Which arm should you choose for vaccination jabs? Here’s what science just found out


A person receives a dose of vaccine at the Central Middlesex Hospital in London, Britain, August 1, 2021. — Reuters/File
A person receives a dose of vaccine at the Central Middlesex Hospital in London, Britain, August 1, 2021. — Reuters/File

The decision of whether to receive vaccinations in the left or right arm appears to hold significance, a recent study shows. The choice of arm matters.

A study conducted in Germany reveals that individuals who opt to receive all their vaccine doses in a single arm exhibit a more robust immune response compared to those who alternate between arms.

This research was featured in a recent publication in the eBioMedicine journal, a reputable peer-reviewed periodical affiliated with The Lancet Discovery Science.

The study’s observational nature involved an examination of immune reactions among approximately 300 individuals who had not contracted COVID-19.

These participants were administered two doses of the Pfizer-BioNTech COVID-19 vaccine between the months of March and September 2021.

The participants were divided into two groups: one received both doses in the same arm, while the other had the second dose administered in the opposing arm.

The analysis, conducted two weeks following the vaccinations, revealed that a specific type of immune cell known as “killer T cells” was detected in 67% of individuals who had received both injections in the same arm.

In contrast, this response was observed in only 43% of those who had the doses administered in different arms.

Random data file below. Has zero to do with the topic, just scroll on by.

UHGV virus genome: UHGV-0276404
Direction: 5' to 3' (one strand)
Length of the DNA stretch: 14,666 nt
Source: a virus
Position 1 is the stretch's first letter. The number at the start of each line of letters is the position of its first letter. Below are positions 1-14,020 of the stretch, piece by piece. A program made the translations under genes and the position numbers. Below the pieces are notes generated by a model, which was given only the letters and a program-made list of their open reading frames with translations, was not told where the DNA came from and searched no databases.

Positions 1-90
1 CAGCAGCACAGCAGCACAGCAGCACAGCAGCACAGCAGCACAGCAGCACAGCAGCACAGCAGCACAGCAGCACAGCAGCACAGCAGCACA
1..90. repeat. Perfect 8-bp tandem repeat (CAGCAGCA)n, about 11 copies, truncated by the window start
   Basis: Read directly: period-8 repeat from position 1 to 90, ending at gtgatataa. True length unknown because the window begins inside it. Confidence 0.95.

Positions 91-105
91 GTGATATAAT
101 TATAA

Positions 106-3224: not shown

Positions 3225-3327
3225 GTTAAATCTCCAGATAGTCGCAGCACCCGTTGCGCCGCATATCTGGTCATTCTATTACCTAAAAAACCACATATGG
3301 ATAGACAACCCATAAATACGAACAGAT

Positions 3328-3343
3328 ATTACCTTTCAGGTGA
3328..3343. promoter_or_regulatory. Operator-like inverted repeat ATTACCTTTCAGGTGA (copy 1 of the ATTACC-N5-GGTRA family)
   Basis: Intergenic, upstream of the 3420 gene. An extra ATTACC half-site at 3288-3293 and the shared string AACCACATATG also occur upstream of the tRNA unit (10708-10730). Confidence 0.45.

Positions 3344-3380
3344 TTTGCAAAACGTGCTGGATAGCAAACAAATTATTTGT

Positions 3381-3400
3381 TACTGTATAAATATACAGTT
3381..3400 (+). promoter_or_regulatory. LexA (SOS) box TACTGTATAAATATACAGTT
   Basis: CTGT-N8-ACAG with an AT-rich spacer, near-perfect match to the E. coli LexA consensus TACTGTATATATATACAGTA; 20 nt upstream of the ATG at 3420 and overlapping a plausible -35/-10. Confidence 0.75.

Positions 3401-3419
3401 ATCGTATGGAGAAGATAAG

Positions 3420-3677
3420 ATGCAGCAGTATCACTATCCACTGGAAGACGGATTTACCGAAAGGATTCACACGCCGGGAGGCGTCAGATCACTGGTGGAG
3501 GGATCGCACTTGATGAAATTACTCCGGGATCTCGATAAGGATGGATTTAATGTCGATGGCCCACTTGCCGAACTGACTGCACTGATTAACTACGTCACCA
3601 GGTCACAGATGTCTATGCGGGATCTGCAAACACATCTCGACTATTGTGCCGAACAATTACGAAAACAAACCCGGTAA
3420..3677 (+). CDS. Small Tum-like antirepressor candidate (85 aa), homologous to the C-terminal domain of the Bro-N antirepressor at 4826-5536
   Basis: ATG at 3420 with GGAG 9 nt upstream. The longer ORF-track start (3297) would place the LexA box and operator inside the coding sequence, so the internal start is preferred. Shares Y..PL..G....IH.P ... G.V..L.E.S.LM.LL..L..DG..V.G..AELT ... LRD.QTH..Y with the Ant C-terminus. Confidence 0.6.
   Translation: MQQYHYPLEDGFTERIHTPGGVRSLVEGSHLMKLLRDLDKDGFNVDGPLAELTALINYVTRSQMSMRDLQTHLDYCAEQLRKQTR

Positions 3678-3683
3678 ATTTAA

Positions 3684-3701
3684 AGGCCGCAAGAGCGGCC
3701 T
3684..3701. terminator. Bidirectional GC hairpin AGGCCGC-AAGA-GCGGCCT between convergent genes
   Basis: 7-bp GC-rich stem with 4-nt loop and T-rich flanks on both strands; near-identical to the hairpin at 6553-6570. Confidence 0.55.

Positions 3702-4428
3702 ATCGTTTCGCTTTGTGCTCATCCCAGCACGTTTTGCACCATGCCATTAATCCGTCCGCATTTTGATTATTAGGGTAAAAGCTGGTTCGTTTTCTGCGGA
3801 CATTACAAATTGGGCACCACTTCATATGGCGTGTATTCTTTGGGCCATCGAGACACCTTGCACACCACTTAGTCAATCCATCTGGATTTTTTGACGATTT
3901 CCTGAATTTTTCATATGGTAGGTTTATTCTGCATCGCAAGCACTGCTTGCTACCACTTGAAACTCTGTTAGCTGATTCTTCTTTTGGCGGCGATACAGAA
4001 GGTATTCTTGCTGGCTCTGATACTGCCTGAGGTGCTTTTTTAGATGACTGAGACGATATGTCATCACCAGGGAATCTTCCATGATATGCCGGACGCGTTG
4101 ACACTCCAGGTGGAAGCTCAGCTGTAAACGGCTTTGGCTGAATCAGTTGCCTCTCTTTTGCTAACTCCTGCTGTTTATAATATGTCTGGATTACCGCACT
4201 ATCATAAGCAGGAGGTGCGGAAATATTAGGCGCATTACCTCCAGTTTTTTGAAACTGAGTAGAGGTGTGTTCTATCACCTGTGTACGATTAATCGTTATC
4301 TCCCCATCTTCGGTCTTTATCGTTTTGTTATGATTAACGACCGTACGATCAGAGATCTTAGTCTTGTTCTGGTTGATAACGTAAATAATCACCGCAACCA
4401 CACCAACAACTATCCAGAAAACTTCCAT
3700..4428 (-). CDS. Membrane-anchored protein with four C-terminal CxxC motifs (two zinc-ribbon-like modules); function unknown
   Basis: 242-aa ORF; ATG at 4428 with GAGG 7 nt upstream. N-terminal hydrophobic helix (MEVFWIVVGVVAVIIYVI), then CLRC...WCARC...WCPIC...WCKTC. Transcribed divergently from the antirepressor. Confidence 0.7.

The study’s authors posit that the preference for sequential shots in the same arm could be attributed to the shared lymph nodes being targeted by the vaccines.

This targeted approach enhances the activity of these lymph nodes, leading to heightened production of immune cells that combat infections. While disparities in the aforementioned cells were identified, a corresponding trend was not discerned in spiked protein antibodies.

Although the study’s scope is preliminary and its sample size modest, it underscores the potential for diverse vaccine responses extending beyond conventional factors such as age, gender, and medical conditions.

Dr Ofer Levy, a specialist in pediatric infectious diseases and the director of the Precision Vaccines Program at Boston Children’s Hospital, highlights how this research opens up new avenues for understanding individual variations in vaccine reactions.

“This speaks to precision vaccination in the sense that everything matters,” said Levy, who is not affiliated with the study.

More research and data is needed but he says the study’s findings could have implications for vaccines outside of COVID-19 and help standardize how routine vaccinations are given.

“We need to be precise about how we discover, develop and deliver vaccines,” Levy said.



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